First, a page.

Saturday, February 6, 2016

How Did BookScan Know? A Real-Life Mystery For Authors

Today, I invite my readers who write to help solve the mystery of The Magically Appearing BookScan Data.

For anyone who might not know, BookScan is a literary Big Brother that "sees" when your ISBN is scanned on a physical book. This typically happens at bookstores when your title is purchased. It *doesn't* happen when you print your own copies via Createspace and then sell them out of the back of your car. Or so I thought...

When I launched The Vesuvius Isotope, I did it the way that a book launch is normally done: at a bookstore. Sometime later, I saw a sales spike in my Nielson BookScan data via Author Central, and the sales showed up as having occurred during the week of the launch party. This is what one would expect.

Later, when I launched The Death Row Complex, I decided to do something different. My husband had just closed in buying out his partners, and now he was sole owner of a restaurant. So we decided to have a book launch/new ownership combo party, and we held it ourselves at the restaurant. There were advantages and disadvantages to this, which I won't get into here, but suffice to say that I knew going into it that I was losing a huge metric: the BookScan data. These sales would be going through cash and my PayPal account, so as far as the Book Sale Statistic gods were concerned, they wouldn't exist.

But here's the weird part: I had a separate book signing at a bookstore a few months later. When the sales spike from that event appeared in my BookScan data, it contained not only the number of sales from that day, but a giant number of sales that I couldn't account for. I knew I had sold some books, but geez, I hadn't sold anywhere near that many.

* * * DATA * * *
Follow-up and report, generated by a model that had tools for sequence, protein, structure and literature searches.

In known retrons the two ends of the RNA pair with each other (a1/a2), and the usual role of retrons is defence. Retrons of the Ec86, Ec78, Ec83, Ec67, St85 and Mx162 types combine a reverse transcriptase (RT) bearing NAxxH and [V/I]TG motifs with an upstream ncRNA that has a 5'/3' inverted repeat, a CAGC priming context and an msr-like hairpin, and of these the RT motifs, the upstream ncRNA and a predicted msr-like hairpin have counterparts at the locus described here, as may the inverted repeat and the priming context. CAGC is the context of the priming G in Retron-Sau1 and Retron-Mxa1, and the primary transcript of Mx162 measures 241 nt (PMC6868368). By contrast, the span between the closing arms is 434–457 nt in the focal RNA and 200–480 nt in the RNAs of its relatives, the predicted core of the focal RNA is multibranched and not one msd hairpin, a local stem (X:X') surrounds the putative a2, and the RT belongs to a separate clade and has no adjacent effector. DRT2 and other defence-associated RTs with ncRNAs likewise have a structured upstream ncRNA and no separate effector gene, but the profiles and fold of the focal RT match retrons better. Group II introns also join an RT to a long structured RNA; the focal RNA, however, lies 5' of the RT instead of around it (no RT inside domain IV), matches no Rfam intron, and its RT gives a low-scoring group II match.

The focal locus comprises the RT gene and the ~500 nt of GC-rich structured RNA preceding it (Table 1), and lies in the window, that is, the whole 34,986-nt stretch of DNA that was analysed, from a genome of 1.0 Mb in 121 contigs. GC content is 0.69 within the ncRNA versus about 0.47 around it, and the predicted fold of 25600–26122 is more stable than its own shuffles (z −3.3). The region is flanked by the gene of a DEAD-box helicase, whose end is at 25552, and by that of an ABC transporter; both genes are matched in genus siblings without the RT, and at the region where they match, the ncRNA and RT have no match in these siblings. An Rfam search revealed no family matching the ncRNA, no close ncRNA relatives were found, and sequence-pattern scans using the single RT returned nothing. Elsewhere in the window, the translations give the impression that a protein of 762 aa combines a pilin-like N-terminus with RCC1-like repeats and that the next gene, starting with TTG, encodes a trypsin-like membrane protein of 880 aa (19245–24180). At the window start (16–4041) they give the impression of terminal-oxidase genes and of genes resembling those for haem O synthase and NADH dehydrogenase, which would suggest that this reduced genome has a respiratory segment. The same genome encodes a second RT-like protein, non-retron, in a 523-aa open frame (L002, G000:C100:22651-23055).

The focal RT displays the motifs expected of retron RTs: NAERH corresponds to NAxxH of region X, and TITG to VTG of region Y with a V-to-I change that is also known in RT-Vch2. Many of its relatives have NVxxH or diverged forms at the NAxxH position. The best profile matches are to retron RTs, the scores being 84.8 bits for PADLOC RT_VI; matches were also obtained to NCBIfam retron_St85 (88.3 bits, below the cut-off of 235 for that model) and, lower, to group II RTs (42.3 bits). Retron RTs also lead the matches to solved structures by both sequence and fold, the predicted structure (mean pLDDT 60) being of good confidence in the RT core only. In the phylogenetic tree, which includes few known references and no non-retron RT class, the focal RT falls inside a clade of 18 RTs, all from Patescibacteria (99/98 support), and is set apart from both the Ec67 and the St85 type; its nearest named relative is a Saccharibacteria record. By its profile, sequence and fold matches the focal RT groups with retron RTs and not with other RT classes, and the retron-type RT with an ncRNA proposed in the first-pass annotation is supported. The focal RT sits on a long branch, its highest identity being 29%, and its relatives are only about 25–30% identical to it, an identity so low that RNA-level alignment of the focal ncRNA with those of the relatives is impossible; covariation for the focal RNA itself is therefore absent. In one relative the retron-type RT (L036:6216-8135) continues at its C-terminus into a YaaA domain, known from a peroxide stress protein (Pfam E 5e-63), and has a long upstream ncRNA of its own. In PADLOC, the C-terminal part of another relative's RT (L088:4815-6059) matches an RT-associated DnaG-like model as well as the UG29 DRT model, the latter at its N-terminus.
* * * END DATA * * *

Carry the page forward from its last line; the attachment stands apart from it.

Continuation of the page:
I racked my brain. I reviewed my POD numbers from Createspace and Lightning Source, the two printers that I use for various distribution channels. There was NOT a massive order of books by anyone (heh, I wish! In fact, there has only been one time when I sold that many physical books at once, and that was at the book launch.

Which leads me to one of two conclusions: either BookScan completely screwed up and accredited me for a spike of sales that I didn't make (a spike that happens to match the number of books sold at my launch party), or else BookScan recorded my PayPal sales that day, the ones I took through my iPad and my phone.

I can't for the life of me figure out how this could have happened. As far as I remember, when I set up my sales through PayPal, I just typed in the name of the item I was selling and how much it was going for. I don't think I did anything to include an ISBN or even to identify it as a book.

If you know what happened, and how, and why, I'm all ears, and I'm sure other authors would love to hear it. Can BookScan and PayPal talk to each other? Or did Nielson just feel sorry for me and give me a pile of extra sales?


  1. Interesting. I'm curious to see what others have to say.

  2. That is so weird! Perhaps the price point is a trigger. I'm pretty sure PayPal talks to BookScan. That's believable.